What makes a good wetsuit liner?

Fleece is the warm soft and fuzzy material that you generally find in wetsuits made for colder waters. This fabric contributes to the suit by easing entry as well as adding an extra layer of thermal protection. Your body heats air more efficiently than it heats water so the tall loops of this fabric provide millions of little air pockets to effectively keep you warm. Since the fleece is the layer that is in direct contact with your skin it should have a soft texture. Opting to use this material on the inside of the suit allows you the opportunity to add features to your suit that a bare neoprene suit cannot provide, such as: Anti bacteria, anti odor, far infrared, etc.

Since fleece liners have more bulk than jersey (see below) it is even more important that this material be knitted and processed with special materials to help it not to absorb too much water and to quickly eject the water that it does absorb. A poor wetsuit liner will absorb and hold a lot of water causing you to feel weighed down and sluggish in the water and take ages to dry. This means that your suit will be heavy and icy cold upon re-entry if you remove your suit between sessions. A poorly made jersey fabric will suffer from this too but it will be more apparent in pile / fleece fabrics.

Any material that stretches less than the neoprene that the suit is made of will limit the movement of the wearer. This goes for both the inner and out liner. It is important to match the neoprene and the lining so that one is not the limiting factor to the other. It is a balancing act finding a fast drying and warm  wetsuit liner that is also stretchy because there is often some give and take. With economy big lot cookie cutter materials there is usually more take than give.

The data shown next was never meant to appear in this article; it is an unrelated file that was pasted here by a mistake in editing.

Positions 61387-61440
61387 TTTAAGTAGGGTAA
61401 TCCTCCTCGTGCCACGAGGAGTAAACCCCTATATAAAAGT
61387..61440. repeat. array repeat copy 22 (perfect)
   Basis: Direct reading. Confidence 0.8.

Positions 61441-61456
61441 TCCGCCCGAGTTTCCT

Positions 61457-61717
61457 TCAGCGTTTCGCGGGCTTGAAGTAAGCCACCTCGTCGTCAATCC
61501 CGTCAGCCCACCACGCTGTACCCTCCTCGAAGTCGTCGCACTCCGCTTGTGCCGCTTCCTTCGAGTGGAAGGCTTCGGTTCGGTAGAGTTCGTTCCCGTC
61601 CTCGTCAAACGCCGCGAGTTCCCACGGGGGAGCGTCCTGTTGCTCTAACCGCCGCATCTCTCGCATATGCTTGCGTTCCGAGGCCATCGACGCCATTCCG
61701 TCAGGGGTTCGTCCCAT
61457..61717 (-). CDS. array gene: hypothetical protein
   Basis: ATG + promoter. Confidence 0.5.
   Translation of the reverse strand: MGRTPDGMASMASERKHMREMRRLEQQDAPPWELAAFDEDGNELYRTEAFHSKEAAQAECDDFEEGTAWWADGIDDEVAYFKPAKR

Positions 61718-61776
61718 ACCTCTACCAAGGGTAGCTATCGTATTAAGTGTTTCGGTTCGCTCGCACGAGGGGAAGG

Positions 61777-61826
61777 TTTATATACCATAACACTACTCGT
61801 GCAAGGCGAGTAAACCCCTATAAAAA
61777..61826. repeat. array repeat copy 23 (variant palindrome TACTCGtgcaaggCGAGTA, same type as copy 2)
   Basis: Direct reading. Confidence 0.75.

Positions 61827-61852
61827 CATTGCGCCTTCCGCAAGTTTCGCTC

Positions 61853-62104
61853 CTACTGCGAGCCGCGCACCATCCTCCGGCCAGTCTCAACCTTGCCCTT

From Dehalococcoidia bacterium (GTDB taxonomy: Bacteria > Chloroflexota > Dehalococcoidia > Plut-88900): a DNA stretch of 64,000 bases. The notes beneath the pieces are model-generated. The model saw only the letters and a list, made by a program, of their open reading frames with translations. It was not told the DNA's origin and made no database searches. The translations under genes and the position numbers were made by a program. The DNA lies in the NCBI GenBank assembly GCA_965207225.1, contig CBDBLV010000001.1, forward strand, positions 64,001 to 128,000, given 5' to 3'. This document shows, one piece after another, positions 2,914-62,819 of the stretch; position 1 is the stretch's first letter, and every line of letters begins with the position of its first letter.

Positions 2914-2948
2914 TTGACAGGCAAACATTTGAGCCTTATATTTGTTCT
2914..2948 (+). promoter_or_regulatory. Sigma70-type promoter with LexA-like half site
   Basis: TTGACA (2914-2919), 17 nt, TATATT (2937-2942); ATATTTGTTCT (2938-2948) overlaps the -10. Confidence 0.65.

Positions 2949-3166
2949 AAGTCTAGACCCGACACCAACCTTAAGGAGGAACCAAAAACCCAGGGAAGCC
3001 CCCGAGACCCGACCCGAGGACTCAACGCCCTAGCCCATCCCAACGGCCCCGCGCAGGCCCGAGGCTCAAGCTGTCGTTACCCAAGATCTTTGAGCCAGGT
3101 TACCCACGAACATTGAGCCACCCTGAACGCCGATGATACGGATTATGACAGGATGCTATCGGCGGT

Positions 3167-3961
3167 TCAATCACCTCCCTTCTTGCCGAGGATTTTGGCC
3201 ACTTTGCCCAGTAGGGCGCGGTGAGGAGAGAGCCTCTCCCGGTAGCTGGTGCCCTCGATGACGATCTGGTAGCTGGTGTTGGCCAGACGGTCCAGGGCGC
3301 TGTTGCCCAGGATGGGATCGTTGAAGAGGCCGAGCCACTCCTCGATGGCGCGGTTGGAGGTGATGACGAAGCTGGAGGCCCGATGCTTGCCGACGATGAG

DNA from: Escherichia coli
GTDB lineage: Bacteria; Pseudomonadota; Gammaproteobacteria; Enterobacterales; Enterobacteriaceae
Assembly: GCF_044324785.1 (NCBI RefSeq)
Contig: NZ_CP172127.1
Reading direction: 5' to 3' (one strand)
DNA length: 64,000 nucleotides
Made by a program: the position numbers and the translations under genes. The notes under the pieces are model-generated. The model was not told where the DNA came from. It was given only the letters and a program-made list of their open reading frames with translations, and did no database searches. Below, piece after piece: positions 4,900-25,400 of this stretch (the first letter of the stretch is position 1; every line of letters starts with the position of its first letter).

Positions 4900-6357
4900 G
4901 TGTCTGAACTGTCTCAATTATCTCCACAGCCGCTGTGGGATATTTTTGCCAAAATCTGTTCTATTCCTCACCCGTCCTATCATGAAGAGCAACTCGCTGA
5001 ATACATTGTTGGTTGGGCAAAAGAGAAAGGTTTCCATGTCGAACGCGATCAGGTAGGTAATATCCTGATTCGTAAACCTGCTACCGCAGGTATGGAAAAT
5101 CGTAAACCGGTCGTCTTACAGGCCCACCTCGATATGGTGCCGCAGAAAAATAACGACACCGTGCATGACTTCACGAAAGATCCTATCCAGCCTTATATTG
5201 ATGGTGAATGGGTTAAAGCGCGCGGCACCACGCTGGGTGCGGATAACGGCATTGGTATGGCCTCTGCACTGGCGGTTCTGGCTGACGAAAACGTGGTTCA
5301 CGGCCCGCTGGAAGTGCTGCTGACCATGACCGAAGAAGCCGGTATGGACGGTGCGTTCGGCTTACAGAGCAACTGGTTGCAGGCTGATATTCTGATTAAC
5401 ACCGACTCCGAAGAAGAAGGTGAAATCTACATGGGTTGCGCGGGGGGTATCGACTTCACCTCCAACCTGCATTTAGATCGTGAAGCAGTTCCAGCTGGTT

At Nankaigosen we use a patented knitting technique that gives our fleece incredible stretch. From there it just comes down to sourcing high quality materials and experience to get the rest right. Take a look below to see some pile wetsuit liners that we sell wholesale. Request a sample to see them in hand because pictures and figures do not do these materials justice.  

A good wetsuit pile liner should:

  • STRETCH AS MUCH OR MORE THAN THE NEOPRENE

  • NOT ABSORB A LOT OF WATER

  • DRY QUICKLY

  • HAVE LOW THERMAL CONDUCTIVITY

  • FEEL GOOD ON THE SKIN

  • DO SOMETHING EXTRA (FAR INFRARED, ANTIBACTERIAL, ANTI-ODOR, ETC.)

Jersey is the highly stretchable, ultra thin, and protective layer of the wetsuit. It can be used as both an inner and outer liner. Used as the inner liner, it helps to make getting in and out of the suit easier because of the smooth tight texture of the knit. This layer is very thin so it is usually not used for the express purpose off adding thermal insulation. Extra function can be added to this fabric however. ( Far infrared, anti bacterial, anti-odor, etc.)

Used as the outer liner this fabric serves to protect the fragile and easy to rip neoprene. 

Jersey's most notable feature is its very high stretchability. 

When it comes to surfing and diving the durability factor is very important. A jersey that uses poor quality yarns or knit will run (think nylons) or get little fuzzy lint balls on the surface called pilling. Using high quality materials will generally solve this problem however. 

A good wetsuit jersey liner should:

  • HAVE EXCELLENT STRETCH

  • BE DURABLE

  • DRY QUICKLY

  • ALLOW EASY CHANGING

  • DO SOMETHING EXTRA (FAR INFRARED, ANTIBACTERIAL, ANTI-ODOR, ETC.)

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JERSEY